1- At the beginning it is hard to get a grasp of their talk but then it is easier to follow up.
    2- I think if the person is familiar with the plays and actors they are talking about then the talk will be more interesting and understandable
    3- it was interesting how they viewed and analyzed the same scenes differently
    4-At the beginning they said that some plays are becoming events more than plays, they are showing more than telling or acting.
    5-there is a focus on classic plays more
    6-sometimes the critics don’t give examples when for example they describe how good or bad the play is.
    7-I liked Elizabeth the most because she was thorough in her talk and gives examples and details
    8-the scenes they show in the program sometimes interrupt the flow of the talk
    9-there are a lot of joking and mocking in the conversation
    10-there was no balance in the time each person talks. Some people talked more and others less

  • Chi, Lin- THTR 101, Sec 001, Sept 4, 2015

    – When it turns out to be an event play instead of an actual play, a lot of questions could have been marked, for example, if the audience watch the show only for the stars on the stage, but the form of art has been forgotten by most of the people.
    – “Witch Of The Third” is the highlight of the year. It is a black comedy.
    – “Twelve nights” is a play with its comedy too emotional, and its tragedy too ridiculous.
    – “Betrayed” has been question marked as if it is an event theatre or an actual play?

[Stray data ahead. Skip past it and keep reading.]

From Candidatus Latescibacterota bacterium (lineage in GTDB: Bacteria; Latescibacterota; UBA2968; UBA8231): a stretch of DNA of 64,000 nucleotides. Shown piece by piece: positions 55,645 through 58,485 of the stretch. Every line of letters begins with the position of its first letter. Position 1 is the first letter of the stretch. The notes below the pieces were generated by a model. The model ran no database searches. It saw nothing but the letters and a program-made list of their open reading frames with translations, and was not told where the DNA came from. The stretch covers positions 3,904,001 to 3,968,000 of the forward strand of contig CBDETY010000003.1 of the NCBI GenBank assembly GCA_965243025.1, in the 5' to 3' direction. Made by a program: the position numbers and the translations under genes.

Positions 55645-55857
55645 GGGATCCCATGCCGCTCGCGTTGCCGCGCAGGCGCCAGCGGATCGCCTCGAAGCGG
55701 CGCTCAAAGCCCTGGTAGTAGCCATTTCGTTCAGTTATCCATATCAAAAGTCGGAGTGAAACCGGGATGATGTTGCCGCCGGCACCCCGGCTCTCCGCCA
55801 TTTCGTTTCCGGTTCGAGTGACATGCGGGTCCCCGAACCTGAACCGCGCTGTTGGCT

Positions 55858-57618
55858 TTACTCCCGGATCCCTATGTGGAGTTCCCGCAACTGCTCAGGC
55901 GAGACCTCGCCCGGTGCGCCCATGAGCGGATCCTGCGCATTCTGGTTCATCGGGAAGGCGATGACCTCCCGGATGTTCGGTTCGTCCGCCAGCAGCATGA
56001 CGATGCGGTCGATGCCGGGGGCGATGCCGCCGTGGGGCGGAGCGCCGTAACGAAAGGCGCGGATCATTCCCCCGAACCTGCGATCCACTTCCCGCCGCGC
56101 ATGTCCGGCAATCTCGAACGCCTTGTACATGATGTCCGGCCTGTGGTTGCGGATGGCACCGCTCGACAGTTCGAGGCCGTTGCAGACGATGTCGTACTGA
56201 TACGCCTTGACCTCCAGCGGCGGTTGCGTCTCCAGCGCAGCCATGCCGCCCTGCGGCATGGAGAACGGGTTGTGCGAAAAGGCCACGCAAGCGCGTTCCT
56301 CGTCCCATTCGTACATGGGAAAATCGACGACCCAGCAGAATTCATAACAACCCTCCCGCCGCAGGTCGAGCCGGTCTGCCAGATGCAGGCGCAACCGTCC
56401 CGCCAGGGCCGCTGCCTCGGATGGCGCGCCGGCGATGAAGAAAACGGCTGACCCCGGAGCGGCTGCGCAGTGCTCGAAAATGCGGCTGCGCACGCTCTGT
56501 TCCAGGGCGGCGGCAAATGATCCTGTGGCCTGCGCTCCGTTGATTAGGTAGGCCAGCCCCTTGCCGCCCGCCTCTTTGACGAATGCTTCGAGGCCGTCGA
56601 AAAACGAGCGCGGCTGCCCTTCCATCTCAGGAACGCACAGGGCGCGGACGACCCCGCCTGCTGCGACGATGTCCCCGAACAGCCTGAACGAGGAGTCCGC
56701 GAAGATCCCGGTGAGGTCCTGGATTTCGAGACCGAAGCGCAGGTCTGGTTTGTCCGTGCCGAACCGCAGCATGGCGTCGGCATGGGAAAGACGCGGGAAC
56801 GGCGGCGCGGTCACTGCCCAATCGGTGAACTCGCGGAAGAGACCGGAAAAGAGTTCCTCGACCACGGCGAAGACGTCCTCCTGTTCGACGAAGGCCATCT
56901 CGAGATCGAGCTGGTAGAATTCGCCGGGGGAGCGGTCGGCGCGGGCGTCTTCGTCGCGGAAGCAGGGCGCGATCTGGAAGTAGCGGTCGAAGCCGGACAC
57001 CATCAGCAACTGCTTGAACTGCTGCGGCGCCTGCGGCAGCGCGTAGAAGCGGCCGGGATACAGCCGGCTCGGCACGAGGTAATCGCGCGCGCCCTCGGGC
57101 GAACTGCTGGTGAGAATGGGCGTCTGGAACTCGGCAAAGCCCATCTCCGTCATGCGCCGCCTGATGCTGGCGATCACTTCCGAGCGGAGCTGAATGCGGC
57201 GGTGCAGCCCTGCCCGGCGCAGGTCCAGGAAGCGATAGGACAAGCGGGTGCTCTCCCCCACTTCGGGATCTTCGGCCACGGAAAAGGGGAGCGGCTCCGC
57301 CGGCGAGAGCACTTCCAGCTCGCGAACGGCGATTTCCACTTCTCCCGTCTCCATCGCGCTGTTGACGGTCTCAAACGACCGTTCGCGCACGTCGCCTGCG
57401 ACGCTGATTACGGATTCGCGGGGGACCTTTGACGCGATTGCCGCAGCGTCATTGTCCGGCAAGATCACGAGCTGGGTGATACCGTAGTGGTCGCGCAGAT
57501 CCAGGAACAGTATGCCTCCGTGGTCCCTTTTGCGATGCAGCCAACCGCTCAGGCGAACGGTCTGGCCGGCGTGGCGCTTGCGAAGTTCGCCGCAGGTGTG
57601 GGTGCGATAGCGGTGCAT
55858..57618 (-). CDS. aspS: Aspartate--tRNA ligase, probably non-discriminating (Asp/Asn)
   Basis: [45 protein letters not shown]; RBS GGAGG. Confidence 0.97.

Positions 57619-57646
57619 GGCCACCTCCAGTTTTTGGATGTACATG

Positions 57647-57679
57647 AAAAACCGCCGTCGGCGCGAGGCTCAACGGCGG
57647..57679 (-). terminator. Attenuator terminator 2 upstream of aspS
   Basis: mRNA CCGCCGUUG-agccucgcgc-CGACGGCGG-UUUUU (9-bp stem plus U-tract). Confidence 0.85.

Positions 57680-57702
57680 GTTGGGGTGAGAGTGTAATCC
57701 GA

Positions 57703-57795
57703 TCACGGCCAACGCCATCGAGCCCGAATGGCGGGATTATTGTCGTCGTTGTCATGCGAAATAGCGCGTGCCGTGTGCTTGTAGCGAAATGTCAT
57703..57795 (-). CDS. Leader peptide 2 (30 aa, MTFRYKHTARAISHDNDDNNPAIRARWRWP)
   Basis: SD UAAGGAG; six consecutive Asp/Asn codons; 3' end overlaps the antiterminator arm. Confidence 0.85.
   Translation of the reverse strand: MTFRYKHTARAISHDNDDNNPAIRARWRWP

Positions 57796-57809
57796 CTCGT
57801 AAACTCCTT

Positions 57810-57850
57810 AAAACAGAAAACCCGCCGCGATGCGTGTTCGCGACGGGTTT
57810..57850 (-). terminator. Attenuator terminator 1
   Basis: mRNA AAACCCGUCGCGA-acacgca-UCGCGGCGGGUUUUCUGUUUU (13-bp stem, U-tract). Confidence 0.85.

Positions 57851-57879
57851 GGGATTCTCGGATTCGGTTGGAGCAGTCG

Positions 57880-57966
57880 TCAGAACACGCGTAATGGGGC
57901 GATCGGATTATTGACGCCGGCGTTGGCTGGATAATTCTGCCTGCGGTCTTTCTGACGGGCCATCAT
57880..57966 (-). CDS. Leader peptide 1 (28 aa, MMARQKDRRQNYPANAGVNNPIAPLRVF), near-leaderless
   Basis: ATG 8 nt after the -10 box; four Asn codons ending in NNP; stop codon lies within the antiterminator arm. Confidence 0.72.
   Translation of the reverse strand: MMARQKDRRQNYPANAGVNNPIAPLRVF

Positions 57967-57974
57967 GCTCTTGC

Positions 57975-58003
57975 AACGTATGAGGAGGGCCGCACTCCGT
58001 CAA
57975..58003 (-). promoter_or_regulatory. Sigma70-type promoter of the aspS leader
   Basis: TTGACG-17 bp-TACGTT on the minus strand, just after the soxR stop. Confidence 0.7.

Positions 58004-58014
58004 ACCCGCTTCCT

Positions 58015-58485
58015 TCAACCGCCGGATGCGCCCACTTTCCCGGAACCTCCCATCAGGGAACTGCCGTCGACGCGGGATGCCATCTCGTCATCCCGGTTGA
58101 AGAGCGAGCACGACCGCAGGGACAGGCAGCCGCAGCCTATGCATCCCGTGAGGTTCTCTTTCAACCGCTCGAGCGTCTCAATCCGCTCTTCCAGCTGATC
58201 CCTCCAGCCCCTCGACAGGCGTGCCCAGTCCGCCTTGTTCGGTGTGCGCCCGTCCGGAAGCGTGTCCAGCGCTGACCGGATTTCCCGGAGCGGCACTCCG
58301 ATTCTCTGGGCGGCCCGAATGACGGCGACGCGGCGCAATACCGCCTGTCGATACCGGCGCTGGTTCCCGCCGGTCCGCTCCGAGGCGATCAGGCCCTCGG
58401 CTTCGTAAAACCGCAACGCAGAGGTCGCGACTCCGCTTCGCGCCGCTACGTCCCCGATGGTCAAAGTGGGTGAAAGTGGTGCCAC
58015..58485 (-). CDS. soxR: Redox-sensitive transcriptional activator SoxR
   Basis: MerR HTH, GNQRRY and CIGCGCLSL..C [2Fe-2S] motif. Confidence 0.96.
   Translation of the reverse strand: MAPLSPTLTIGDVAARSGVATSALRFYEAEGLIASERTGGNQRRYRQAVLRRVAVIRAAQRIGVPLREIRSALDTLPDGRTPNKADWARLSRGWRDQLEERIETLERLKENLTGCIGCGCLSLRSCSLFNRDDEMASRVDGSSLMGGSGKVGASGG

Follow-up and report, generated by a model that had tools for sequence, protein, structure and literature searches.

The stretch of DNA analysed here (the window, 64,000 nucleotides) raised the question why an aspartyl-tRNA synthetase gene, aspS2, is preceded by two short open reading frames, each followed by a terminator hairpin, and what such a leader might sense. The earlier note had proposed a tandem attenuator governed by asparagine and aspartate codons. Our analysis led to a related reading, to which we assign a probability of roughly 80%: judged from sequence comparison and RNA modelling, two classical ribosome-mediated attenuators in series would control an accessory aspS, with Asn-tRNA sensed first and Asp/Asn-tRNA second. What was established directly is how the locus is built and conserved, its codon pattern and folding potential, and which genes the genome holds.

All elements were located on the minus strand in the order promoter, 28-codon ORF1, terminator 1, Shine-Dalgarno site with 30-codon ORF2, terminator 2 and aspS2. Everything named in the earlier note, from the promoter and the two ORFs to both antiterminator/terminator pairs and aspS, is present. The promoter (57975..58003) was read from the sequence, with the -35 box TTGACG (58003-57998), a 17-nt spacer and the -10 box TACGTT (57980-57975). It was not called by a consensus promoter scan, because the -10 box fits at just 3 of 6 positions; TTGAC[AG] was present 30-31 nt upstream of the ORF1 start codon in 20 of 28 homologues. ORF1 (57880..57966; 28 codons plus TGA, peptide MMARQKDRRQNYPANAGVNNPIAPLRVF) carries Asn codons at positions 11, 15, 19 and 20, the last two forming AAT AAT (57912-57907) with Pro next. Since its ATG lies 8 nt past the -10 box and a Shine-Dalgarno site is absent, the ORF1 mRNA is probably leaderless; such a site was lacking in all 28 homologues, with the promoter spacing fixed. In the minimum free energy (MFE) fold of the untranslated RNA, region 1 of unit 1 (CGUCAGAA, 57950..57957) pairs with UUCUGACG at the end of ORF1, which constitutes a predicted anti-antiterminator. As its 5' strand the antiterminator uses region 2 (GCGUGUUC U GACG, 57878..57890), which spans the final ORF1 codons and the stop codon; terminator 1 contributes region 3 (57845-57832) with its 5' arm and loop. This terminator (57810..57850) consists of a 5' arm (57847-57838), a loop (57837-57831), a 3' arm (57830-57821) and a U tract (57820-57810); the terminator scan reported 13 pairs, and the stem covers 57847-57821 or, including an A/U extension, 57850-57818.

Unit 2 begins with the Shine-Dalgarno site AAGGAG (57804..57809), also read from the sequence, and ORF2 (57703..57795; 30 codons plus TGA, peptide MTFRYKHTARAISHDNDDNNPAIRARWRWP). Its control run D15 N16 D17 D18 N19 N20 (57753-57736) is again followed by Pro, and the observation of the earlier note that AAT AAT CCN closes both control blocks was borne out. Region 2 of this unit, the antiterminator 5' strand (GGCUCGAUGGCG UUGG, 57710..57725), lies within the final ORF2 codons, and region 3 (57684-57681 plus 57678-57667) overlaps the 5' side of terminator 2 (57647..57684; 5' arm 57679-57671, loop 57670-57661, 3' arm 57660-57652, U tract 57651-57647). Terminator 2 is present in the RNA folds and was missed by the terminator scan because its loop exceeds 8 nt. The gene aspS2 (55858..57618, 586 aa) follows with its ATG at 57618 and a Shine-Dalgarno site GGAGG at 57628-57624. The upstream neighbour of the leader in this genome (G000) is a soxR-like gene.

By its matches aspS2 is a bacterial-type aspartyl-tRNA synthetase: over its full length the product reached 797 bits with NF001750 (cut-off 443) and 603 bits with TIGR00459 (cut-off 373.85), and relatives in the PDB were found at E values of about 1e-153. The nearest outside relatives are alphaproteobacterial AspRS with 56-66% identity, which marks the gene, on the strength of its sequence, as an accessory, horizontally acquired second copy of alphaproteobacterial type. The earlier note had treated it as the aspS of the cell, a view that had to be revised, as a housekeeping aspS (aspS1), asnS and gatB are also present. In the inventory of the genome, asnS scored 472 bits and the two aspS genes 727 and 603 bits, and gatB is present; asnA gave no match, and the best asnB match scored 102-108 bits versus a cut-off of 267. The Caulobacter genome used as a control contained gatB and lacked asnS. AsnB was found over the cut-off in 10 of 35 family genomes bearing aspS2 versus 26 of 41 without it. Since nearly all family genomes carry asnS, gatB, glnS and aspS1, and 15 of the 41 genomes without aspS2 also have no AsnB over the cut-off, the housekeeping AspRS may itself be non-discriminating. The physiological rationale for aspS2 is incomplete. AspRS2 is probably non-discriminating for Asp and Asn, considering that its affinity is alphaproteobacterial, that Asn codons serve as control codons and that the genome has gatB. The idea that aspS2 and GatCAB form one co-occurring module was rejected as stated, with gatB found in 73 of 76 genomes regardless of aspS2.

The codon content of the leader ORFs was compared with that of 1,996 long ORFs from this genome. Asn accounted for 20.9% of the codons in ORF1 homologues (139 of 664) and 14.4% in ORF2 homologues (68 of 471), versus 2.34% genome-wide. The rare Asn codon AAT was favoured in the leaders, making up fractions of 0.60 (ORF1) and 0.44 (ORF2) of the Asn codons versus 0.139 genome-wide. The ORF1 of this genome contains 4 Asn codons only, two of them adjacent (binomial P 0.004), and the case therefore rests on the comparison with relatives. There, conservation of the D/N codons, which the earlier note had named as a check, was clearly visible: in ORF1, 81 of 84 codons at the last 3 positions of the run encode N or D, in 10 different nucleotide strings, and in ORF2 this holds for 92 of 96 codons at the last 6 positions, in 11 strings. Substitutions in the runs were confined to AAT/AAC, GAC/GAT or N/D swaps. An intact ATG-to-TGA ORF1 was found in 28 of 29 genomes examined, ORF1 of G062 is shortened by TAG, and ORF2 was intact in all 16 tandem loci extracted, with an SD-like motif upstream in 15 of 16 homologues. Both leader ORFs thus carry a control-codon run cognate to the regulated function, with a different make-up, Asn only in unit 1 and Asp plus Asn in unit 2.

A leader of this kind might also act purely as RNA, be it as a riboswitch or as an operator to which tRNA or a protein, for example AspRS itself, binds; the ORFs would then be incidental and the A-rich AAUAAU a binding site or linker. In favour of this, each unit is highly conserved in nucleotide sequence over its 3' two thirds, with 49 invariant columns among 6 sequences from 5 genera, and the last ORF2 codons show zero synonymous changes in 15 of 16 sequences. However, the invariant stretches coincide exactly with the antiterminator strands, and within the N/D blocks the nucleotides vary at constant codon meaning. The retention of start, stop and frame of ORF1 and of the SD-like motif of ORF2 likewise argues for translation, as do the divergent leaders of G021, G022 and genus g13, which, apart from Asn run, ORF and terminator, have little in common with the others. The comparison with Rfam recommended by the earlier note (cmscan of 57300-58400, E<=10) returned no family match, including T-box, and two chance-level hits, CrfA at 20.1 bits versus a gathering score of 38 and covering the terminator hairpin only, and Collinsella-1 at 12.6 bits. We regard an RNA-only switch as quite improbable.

– “Betrayed” is highly emotional, has some meaningful pause and very much on the surface.
    – It is a Shakespeare’s storm season.
    – Is classic equals to Shakespeare?
    – If you hired right actor, they knew what to do, but if you hired some younger kids, but not giving them directions to how to perform, it’s not their fault to show up well, just like Elizabeth, the young Juliet,in “Romeo and Juliet” of the season.
    – “After Midnight” is the best musical, the song and the dancing is very elegant and fantastic
    – When the band stand comes down to the audience, its just like a wave of joy coming off the stage

  • Alicia manor

    • What does Becalmed mean?
    • Why do they have males playing female roles rather then female actors play them? Or vice versa
    • Why is a poet (Elisabeth) criticizing a play?
    • I think it’s interesting how advanced the shows are with the lightening and tricks they do on stage.
    • I think critics can be a bit harsh? Or maybe I’m just not used to that level of criticism.
    • Were they being serious when they said the play writers wrote the plays drunk?
    • I feel like how could a person ever know if a play is good or not because all the critics have different opinions so how can they ever come to a good review on the production.
    • I didn’t know you could play as many as 8 characters in a play, that’s a lot of roles to remember.
    • Do you think the other critics don’t really favor Elisabeth because she disagrees with them a lot?
    • I love how they really dress up to perform the songs.